With all the post-grunge irony and retro-garage sounds, it's rare in rock and roll these days to find a band as talented, original and passionate as TV on the Radio. Led by Tunde Adebimpe's lauded vocals, his haunting harmonies with guitarist Kyp Malone are just a hint at the effortlessly dynamic chemistry of the group. In the midst of their world tour, following two sold-out hometown shows in New York, CH checked in with drummer and founding member Dave Sitek to get a sense of the friendships that are the foundation of the band, what it was like making their latest and fourth album Return to Cookie Mountain and about increasing the peace. Check it out here.
It seems like you’re all good friends. How did you meet?
I moved to NYC with 65 bucks and wound up in a loft in Brooklyn with a bunch of broke artists who were pretty cool. We were all unemployed-slash-unemployable so we just started to make music together.
So, at this stage, how does the creative process work? How was making this album different than your other albums?
A lot more people were involved when recording this album. But you know, our creative process is probably drink a lot of caffeine, smoke a little weed and guess. We’re just guessing and there’s plenty of trial and error.
We were willing to spend an enormous amount of time on this record.
It seems like selling out is irrelevant to you. How do you manage to stay grounded in the face of fame?
The short answer is were in our thirties. I don’t believe there’s a lot that divides us and everyone else anymore. We’re paying rent and taking shits and trying to figure it out. The term selling out is a weird one for me. I just consider it buying in. We don’t do anything that we don’t think is appropriate. People say “Oh your song is on a TV show,” but then they have $5,000 of stolen music on their iPods.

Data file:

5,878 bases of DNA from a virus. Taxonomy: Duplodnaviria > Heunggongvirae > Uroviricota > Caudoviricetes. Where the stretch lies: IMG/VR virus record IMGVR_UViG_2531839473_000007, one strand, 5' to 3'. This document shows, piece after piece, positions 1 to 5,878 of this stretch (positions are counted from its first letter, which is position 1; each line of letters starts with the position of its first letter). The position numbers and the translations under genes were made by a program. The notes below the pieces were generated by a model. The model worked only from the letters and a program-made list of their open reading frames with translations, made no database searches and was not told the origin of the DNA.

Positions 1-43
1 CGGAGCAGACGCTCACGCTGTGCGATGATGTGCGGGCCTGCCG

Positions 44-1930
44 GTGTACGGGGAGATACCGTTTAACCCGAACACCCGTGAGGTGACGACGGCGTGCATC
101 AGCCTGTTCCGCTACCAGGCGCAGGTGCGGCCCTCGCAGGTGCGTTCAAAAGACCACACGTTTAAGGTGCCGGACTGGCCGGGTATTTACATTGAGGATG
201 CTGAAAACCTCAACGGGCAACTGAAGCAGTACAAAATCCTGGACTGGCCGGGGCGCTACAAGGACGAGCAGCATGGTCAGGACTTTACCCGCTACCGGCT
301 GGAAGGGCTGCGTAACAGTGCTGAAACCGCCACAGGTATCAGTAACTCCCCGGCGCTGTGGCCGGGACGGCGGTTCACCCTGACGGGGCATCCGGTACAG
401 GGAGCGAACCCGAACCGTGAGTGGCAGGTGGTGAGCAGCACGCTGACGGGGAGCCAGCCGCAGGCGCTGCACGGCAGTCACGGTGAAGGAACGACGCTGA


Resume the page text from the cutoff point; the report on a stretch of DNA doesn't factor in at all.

I noticed that everyone at your show was older and while they were totally rapt, but they were also really sedate. What’s that like for you?
Everywhere it’s totally different. In Europe there are 45 year-olds that rock harder than kids in the states. People are really worried about what other people think instead of what they feel. I don’t know why people are more self-conscious now than in punk days. I think in general, because of what’s happening in the world, people are just scared.
Your music doesn’t strike me as overtly political. What kind of role do you think politics plays in your music?
We’re not directly. We’re not trying to throw campaign slogans in anybody’s face.
But because were trying to write a record from a humanitarian perspective, it’s impossible to avoid political overtones and undertones. It’s not possible to write about the world and not include politics and it can spill over into social politics and sexual politics.
Lack of subtly is a sign of a civilization in decline. For us, it’s a living, breathing thing.
Increase the peace. I think an important thing—if I could say anything to the audience— we’re all in this together and it is solvable. The world has gone through some tumultuous times and we can change.